In this article, we consider the impact of finite production capacity on the optimal quality and pricing decisions of a make-to-stock manufacturer. Products are differentiated along a quality index; depending on the price and quality levels of the products offered, customers decide to either buy a given product, or not to buy at all. We show that, assuming fixed exogenous lead times and normally distributed product demands, the optimal solution has a simple structure (this is referred to as the load-independent system). Using numerical experiments, we show that with limited production capacity (which implies load-dependent lead times) the manufacturer may have an incentive to limit the quality offered to customers, and to decrease market coverage, especially in settings where higher product quality leads to higher congestion in production. Our findings reveal that the simple solution assuming load-independent lead times is suboptimal, resulting in a profit loss; yet, this profit loss can be mitigated by constraining the system utilization when deciding on quality and price levels. Our results highlight the importance of the relationship between marketing decisions and load-dependent production lead times.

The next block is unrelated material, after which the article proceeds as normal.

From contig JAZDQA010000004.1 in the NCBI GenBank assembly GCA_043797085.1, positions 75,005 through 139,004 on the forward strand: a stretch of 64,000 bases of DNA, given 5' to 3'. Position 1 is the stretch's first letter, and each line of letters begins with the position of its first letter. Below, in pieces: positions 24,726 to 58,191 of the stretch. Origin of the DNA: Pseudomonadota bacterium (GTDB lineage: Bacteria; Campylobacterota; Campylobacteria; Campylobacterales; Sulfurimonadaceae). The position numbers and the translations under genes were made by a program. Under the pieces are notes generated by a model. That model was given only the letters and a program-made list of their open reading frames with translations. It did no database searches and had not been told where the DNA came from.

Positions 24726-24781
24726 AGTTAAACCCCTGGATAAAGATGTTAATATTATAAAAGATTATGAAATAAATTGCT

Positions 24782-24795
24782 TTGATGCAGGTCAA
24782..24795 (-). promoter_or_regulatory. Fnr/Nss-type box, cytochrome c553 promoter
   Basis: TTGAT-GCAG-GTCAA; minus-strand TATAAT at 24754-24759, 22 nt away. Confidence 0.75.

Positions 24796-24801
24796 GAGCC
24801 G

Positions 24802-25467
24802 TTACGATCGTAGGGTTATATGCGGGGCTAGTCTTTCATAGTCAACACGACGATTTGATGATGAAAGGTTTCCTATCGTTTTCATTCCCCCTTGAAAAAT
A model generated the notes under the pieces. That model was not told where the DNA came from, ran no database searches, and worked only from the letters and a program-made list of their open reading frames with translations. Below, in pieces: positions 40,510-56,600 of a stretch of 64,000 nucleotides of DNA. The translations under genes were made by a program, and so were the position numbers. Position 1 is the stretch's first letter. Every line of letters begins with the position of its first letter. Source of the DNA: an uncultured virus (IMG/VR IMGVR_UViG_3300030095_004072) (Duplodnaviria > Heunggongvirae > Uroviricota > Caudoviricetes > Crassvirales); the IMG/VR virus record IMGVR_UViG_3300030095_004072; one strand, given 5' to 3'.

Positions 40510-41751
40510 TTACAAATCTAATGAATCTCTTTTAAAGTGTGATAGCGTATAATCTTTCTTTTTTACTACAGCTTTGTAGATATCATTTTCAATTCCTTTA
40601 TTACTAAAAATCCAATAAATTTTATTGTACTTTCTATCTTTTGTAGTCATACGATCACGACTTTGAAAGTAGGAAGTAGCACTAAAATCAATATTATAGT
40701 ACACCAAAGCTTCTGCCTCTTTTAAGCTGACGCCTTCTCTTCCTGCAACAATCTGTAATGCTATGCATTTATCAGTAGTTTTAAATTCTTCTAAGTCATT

- Load-dependent lead time
- Quality and pricing decisions
ASJC Scopus subject areas
- Computer Science(all)
- Modeling and Simulation
- Management Science and Operations Research
- Information Systems and Management